Navy and Marine Corps Fleet Battle Exercises should be mainstreamed into ongoing fleet training to explore the potential of new means and new forms of operation to deal with anti-access/area-denial threats. To this end, the two Services should accelerate their efforts to determine the utility of the Streetfighter concept, Network-Centric Warfare, and Operational Maneuver From the Sea. The Navy should develop and purchase a small number of Streetfighter combatants andconvert four Trident SSBNs to SSGNs, while continuing to develop the CVX and DD-21. New means of conducting strikes at extended ranges, to include the advanced gun system (AGS) and unmanned combat air vehicles (UCAVs), should be accelerated. To maintain an adequate undersea warfare capability, Los Angeles- Class submarines scheduled to be retired before the end of their useful lives should be refueled and retained in the fleet. A Joint Mobile Offshore Base (JMOB) prototype should be deployed to determine its utility as an alternative to increasingly vulnerable fixed, forward bases.Reflecting the demands of an anti-access/area-denial warfighting environment, the Marine Corps should proceed with its MV-22 buy, but significantly reduce its purchase of the advanced amphibious assault vehicle (AAAV). Similarly, the Joint Strike Fighter (JSF) should be cancelled, with any near-term shortfall in aircraft production gapped by the F/A-18E/F (for the Navy and, perhaps, the Marine Corps) and F-16 Block 60 (for the Air Force). Alternate means of survivable strike support—to include land- and sea-based missile forces and UCAVs—should receive increased emphasis.

The Air Force should accelerate its efforts to insure that the US military will dominate any future military competition in space and along the electromagnetic spectrum. Both challenges promise to be daunting, given the difficulty in identifying where the greatest threats may emerge, and how they might manifest themselves. The Service also needs to emphasize efforts to deal with the anti-access/area-denial challenge. The Air Force should accelerate its efforts to develop extended-range, long-endurance unmanned aerial vehicles (UAVs) and UCAVs.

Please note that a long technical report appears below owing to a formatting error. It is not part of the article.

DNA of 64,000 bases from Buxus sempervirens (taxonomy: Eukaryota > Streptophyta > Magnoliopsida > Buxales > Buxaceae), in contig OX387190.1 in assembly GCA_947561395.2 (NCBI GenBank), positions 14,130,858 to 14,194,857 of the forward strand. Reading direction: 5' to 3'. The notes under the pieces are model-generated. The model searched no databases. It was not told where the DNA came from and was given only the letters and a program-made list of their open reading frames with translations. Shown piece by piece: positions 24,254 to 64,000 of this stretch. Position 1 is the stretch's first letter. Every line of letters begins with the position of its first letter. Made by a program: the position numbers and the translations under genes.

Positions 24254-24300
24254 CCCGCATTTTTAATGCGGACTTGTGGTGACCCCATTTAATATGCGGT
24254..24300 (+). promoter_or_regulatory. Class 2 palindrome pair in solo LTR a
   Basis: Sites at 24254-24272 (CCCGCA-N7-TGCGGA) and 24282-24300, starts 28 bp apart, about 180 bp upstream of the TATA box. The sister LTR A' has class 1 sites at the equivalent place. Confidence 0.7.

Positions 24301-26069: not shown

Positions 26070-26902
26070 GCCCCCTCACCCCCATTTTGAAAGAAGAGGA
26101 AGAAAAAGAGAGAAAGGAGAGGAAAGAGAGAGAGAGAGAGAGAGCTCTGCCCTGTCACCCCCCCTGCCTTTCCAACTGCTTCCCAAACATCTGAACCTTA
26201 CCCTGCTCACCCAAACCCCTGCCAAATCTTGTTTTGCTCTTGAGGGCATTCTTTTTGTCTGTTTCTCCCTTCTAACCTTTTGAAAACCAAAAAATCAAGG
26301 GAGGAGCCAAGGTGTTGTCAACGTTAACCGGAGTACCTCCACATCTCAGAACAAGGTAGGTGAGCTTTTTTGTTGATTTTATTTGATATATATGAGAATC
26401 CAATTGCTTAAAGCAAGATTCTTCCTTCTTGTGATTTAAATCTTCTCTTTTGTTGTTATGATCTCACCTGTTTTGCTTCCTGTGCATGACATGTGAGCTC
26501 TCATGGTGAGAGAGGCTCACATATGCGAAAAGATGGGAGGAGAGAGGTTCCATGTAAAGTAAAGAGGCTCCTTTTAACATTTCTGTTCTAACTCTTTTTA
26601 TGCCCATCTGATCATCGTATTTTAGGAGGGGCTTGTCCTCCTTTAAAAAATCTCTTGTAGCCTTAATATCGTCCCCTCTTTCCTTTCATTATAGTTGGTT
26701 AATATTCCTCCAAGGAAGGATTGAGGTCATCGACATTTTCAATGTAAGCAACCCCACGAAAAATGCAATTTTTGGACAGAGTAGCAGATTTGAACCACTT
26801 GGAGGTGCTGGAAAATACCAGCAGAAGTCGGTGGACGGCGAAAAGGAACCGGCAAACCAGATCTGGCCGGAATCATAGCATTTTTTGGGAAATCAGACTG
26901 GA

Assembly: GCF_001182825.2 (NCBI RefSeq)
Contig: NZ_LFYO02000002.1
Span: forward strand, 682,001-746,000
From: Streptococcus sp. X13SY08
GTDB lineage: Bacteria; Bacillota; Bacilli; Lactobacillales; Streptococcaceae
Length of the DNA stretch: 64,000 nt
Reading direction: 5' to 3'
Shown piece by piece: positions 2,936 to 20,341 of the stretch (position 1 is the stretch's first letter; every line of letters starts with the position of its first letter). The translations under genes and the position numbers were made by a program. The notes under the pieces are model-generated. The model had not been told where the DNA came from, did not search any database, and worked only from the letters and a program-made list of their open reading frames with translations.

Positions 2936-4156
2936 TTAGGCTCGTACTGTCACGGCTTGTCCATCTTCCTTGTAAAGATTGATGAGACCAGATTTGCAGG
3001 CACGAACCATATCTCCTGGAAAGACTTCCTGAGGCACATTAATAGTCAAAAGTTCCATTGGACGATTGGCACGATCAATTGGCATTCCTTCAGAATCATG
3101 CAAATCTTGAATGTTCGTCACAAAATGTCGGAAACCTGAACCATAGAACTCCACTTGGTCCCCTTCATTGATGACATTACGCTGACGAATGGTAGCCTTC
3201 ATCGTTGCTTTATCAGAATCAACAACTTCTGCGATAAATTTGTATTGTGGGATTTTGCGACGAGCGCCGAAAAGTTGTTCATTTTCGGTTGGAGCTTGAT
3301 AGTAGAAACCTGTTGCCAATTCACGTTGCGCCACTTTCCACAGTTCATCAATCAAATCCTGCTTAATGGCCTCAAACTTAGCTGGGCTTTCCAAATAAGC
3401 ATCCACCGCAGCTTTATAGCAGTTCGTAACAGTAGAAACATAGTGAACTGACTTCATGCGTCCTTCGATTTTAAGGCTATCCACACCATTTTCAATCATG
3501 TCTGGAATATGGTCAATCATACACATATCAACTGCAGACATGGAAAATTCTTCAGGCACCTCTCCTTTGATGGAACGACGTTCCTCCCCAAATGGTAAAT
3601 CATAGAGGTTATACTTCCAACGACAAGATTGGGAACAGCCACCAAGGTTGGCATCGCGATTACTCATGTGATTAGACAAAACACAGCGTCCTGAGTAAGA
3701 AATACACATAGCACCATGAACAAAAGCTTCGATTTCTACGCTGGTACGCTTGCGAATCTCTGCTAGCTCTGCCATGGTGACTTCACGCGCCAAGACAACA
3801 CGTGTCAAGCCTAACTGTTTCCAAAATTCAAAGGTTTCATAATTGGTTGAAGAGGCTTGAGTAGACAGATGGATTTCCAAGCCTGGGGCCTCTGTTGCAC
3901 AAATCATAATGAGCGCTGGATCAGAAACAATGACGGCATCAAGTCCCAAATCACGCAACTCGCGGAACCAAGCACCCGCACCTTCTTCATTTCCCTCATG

To support these efforts, Congress should consider restoring funding for the Discoverer II prototype radar satellites. The Service’s long-range, precision-strike systems will likely play an increasingly important role in future operations. At present, the B-2 bomber is the Air Force’s only long-range, stealthy, penetrating strike asset and, as such, an important hedge against the growing vulnerability of forward-based aircraft. Service and Joint exercises should accord high priority to assessing the B-2’s considerable potential for addressing the anti-access challenge. If these exercises confirm this potential, the B-2 production line should be restarted and significant additional numbers of the aircraft procured. Unless the Air Force can demonstrate that the F-22 is both critical and survivable in the emerging anti-access/area-denial warfighting environment, its procurement should be limited to fielding a silver-bullet force.

HOMELAND DEFENSE

While deploying an effective national missile defense system in the near term would be highly desirable, it is not a currently available option. Funding should not be siphoned away from national missile defense (NMD) research and development  efforts, and into the procurement and maintenance of a system of suspect effectiveness. Rather, promising NMD options should be vigorously pursued with an eye toward exploiting cutting-edge technologies in an effort to develop more effective systems. Any eventual decision to deploy an NMD must account for the potential reaction of other nuclear powers, especially China and Russia.